Is Violence in the Media a Reflection of Our Own Social Anxieties?
Continued from previous page
Words refer to real things, to ideas, feelings, objects, and interactions. However, as the old Zen masters say, words are fingers pointing to the moon, which is to say that talking about a steak will not fill our bellies. Words cannot replace experience or who we are, just as reading about geography is not the same as walking around and actually exploring physical terrain. Ultimately, the body and its life cannot be replaced by concepts.
Although some would say that it is only through applying the mandates of the mind upon the impulses of the body that any kind of social order or cultural harmony can be attained whatsoever, it appears that disembodied cultures such as our own, whose inherent impulses tend to be more repressed, are more apt to orient towards crime and punishment, as well as violence as entertainment.
In this sense, an interest in crime would indicate an unconscious attempt to resolve the intolerable situation of our collective societal repressions, which include a displacement of the body from its central role as mediator between self and world to a third party position of objectification, in which it is mainly viewed as a nuisance, or as something which we must merely keep in good repair and maintain— like a house or a car.
The essence of crime, in theory, is the presence of something devious or deviant to the normal functioning of the individual or the society. A crime is defined as an aberrant act of rebellion, a going against the grain, a transgression of laws that we hold to be essential to the sanity or sanctity of society. Therefore a crime is an attack on the principle of Logos, which signifies order, logic, and reason.
Perhaps this is another way of understanding our obsession with crime and violence. Because Logos―the rational principle—has become so ubiquitous in its rule over our lives, crime and violence as entertainment have arisen as a compensatory function in our attempts to cope with the utter obliteration of our instincts, or the principle of Eros, which I take to refer moreover to love and the passions of the heart, the soul, and the body than to only sexual desire.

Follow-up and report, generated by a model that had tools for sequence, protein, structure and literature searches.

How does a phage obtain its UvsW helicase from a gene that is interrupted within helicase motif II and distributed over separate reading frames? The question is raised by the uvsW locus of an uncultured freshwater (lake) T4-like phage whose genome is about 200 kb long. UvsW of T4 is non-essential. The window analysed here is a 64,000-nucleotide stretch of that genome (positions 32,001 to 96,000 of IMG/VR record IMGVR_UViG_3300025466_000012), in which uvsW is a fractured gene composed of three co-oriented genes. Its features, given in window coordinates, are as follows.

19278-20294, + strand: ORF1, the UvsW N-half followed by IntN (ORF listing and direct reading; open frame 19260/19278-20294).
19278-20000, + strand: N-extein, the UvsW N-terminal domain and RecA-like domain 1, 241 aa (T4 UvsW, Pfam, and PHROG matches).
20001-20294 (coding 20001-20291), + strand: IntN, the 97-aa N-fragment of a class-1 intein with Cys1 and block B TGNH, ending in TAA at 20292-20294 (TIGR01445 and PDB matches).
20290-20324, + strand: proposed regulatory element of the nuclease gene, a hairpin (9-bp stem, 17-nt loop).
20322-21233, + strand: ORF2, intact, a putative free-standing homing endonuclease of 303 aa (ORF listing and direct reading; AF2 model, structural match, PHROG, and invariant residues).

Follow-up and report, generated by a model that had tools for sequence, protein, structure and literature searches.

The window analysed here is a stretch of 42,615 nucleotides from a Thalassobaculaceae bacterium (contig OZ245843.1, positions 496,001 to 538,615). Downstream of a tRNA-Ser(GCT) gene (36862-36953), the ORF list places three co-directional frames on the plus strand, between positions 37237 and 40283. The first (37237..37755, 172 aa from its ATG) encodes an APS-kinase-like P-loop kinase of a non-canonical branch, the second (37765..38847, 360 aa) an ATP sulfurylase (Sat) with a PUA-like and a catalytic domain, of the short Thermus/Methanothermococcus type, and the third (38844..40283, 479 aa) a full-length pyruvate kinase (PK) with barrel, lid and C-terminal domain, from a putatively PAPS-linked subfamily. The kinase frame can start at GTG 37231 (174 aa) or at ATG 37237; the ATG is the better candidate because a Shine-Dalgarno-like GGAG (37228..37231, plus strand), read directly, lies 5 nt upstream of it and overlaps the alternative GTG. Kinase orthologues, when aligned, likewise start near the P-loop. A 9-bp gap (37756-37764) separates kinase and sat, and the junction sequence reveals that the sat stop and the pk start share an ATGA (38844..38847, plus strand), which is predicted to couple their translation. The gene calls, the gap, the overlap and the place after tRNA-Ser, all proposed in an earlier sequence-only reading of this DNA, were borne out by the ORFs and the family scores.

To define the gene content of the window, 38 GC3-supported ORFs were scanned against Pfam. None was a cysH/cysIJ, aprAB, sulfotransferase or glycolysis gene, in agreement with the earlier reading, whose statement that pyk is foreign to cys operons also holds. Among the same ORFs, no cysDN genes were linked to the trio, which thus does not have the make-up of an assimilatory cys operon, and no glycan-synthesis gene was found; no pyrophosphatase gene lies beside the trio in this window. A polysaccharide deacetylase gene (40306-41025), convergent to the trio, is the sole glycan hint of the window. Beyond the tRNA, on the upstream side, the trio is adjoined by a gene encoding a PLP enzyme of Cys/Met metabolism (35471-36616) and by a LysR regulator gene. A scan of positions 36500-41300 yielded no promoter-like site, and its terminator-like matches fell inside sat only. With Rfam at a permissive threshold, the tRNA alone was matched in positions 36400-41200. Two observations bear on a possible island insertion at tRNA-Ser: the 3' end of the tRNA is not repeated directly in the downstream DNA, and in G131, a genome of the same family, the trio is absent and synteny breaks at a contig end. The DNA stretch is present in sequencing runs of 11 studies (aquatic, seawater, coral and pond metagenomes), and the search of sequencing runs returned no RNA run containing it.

When the body, the instincts, the passions, and our innate spiritual desires for a deeper and more fulfilling kind of communion with life and the world of others is denied us by our culture, crime and violence become attractive alternatives.
Through acts of crime and violence, the impenetrable walls of restriction—by which we are sequestered from our true wholeness—are violated, are temporarily destroyed, thereby allowing us to make connection with portions of ourselves and the world with which we are normally disallowed. Just as drugs and alcohol can also give us glimpses into areas of our personality and dimensions of the world beyond our normal and socially regulated purview, crime and violence—when they are committed as ritual acts against the arbitrary rule of order—provide us with a momentary sense of freedom.
Upon more extensive analysis, it can be seen that our societal fascination with crime as entertainment is really a calling to address a deeper need of the human spirit. Although we may be perpetually drawn to that which is taboo, the way we drink from the fountain of bloodshed and violence—whether at the movies or news of the latest war—is rather morbid, and should alert us to wondering why we have become so numb as to have to continually shock ourselves into feeling anything at all.
Asking ourselves what it is that we truly need, I think we will find that we need to feel. We need to feel alive. And we need to feel connected to ourselves and to the world. We need to feel the healing presence of the earth, of nature, and the magic of being alive. We need to live in some kind of harmony with our instincts and find meaningful ways of expressing who we are. Lastly, we need to live in an authentic and nourishing interrelationship with the social world around us.